An autonomous vehicle is often software-heavy in terms of engineering efforts once you’ve selected and implemented the proper motion control system. Getting smooth, reliable navigation maneuvers that result in accurate positioning in a widely varying environment was one of the more difficult challenges for the design team. Multiple layers of software were necessary for handling the number and variety of possible events that can occur during grooming. And, the proper organization of the control logic to allow extensibility of navigation behavior was the most difficult part of this complex system.

As the project moves forward and into the field, there will no doubt be additional issues that will crop up and need to be addressed. Even now, the vehicle must be able to reliably accomplish its task in a hostile environment and in an unmapped terrain. Then, it has to be able to return to the waterline of the ship for retrieval. This operation must be done repeatedly for days, months, and years, and with multiple systems in the water at the same time.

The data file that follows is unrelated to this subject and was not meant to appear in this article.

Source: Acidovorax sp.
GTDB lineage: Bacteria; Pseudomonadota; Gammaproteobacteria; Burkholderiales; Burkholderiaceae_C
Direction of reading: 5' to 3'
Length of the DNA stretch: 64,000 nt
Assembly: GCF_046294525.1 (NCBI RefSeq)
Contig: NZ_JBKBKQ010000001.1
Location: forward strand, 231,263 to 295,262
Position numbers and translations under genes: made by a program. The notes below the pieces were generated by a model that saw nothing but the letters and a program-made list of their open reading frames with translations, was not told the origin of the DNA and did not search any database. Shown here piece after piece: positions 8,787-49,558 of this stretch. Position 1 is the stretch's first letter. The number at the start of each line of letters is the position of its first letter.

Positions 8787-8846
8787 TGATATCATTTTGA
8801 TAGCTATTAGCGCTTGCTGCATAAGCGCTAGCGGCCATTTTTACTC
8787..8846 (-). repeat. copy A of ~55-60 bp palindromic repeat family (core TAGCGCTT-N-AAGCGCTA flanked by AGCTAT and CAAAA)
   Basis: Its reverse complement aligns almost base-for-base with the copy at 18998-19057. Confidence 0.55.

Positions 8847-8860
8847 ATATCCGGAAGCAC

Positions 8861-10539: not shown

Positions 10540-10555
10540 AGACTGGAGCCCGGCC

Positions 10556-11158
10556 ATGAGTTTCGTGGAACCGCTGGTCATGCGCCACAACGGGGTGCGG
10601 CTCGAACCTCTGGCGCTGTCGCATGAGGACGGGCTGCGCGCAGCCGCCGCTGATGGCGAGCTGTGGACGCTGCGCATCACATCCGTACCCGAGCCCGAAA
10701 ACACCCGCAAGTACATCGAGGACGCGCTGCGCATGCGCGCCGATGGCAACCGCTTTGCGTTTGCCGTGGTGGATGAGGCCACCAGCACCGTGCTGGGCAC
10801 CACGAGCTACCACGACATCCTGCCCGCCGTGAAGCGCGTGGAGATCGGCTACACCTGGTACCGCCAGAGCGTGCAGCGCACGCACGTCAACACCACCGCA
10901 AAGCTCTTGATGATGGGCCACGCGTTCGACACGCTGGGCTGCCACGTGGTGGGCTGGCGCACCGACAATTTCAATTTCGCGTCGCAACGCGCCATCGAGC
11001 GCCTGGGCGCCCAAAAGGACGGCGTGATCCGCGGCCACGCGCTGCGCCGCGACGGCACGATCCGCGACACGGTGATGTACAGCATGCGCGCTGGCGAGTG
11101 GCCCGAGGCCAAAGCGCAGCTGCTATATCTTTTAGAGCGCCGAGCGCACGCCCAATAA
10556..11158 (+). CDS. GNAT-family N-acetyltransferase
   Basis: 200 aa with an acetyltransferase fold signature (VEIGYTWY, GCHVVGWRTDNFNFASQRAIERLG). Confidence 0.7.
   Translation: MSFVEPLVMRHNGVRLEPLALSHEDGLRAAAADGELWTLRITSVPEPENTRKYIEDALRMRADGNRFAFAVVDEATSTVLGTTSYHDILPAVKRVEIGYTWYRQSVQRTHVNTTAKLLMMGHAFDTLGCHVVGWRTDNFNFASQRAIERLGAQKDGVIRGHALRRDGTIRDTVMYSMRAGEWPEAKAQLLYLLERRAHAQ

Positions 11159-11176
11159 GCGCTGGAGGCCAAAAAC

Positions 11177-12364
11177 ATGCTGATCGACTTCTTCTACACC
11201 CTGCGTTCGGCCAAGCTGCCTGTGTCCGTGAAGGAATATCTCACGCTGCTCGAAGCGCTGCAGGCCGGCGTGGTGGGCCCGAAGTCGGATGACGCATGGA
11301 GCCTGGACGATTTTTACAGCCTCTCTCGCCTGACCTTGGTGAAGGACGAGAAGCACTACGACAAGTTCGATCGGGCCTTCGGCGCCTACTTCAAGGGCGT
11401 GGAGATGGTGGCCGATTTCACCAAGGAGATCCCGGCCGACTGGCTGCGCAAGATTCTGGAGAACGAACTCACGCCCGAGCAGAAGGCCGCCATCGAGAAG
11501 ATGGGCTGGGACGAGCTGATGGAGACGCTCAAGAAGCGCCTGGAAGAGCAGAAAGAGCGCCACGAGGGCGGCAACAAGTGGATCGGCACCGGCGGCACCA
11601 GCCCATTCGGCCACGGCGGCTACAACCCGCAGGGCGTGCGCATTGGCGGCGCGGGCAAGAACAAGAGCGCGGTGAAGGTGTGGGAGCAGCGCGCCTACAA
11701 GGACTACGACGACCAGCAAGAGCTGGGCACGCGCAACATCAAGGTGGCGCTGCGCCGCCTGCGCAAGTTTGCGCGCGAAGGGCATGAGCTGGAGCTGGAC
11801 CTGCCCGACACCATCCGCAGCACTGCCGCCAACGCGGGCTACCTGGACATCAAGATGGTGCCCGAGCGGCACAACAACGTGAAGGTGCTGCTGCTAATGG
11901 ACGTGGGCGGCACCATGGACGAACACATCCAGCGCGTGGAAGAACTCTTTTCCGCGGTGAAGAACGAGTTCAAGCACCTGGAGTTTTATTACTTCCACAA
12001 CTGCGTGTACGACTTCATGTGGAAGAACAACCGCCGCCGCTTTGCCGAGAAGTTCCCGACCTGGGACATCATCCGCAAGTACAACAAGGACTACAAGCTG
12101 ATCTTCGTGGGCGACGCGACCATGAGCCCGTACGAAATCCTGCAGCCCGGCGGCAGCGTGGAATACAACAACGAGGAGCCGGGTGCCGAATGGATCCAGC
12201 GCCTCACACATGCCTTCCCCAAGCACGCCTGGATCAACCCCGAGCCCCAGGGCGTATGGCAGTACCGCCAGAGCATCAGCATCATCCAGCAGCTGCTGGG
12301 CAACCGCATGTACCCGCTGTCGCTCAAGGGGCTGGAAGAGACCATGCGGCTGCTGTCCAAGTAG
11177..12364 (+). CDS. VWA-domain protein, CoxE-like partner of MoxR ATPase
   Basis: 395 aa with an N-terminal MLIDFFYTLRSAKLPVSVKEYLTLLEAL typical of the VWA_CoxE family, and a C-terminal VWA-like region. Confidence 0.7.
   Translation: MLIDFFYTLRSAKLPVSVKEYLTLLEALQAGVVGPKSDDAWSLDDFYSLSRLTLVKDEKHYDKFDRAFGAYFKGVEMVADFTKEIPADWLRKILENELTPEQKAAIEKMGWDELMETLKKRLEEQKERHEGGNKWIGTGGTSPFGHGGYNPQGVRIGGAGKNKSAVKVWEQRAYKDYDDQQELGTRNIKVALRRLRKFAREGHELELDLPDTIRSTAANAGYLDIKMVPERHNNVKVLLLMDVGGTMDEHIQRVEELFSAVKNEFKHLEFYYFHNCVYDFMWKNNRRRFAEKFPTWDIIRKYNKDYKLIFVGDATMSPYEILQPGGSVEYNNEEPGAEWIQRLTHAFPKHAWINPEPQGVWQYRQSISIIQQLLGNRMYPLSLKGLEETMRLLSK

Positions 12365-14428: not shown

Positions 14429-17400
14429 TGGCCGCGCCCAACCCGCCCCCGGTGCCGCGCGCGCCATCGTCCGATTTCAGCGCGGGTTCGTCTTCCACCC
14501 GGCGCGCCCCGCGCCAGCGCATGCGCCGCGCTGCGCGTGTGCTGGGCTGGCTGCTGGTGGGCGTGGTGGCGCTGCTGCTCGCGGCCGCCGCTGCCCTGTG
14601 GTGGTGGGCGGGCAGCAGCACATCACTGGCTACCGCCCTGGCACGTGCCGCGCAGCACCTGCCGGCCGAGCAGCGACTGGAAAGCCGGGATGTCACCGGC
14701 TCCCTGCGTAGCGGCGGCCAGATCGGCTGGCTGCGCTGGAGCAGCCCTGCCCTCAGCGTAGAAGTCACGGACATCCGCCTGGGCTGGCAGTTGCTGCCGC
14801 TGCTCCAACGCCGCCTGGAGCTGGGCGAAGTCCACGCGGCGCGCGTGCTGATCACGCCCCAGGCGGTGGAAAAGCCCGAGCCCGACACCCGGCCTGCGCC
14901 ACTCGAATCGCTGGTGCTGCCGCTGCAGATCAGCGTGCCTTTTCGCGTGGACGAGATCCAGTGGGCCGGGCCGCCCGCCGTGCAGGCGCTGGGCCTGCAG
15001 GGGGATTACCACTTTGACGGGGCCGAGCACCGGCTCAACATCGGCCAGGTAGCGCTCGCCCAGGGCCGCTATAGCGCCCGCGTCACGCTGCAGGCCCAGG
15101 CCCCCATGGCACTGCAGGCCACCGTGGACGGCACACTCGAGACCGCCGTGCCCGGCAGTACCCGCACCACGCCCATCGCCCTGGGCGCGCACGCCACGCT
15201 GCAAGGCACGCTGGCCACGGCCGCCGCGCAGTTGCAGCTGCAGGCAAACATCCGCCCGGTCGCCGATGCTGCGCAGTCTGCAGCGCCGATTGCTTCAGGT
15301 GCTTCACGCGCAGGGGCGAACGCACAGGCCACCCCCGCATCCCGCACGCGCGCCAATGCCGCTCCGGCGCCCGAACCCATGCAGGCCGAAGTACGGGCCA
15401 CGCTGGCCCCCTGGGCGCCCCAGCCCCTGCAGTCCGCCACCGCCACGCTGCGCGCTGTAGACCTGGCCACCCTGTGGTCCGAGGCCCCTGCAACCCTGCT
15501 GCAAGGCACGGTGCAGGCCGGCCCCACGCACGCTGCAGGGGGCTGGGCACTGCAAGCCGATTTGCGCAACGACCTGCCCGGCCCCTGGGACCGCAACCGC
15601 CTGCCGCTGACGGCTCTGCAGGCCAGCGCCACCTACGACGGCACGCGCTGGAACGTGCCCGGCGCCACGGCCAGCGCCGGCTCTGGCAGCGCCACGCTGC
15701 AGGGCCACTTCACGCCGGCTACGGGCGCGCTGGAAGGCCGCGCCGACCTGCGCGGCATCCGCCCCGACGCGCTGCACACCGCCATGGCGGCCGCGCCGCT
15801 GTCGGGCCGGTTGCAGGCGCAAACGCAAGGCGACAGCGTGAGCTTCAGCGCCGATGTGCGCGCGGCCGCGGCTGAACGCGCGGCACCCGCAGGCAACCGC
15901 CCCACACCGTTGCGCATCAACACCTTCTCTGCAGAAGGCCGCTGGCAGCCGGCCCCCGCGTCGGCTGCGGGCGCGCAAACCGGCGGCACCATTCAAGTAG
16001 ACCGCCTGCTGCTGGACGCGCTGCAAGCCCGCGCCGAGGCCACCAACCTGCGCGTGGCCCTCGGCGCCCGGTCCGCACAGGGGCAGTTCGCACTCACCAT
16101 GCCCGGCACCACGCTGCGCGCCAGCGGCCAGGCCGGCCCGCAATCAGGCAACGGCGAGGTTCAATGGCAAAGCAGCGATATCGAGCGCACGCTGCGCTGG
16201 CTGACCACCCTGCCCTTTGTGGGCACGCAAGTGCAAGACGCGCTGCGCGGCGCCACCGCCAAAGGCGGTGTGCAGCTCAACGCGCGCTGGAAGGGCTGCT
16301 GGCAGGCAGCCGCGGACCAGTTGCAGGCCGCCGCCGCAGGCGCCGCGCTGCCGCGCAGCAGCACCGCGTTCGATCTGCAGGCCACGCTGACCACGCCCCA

The vehicle is operational and the navigation software is working. The next primary focus will be the structuring of the interface to improve ease-of-use and allow non-engineering personnel to manage operations.

This article was contributed by maxon precision motors, Fall River, MA. For more information, Click Here 


Motion Control & Automation Technology Magazine

This article first appeared in the August, 2012 issue of Motion Control & Automation Technology Magazine.

Read more articles from this issue here.

Read more articles from the archives here.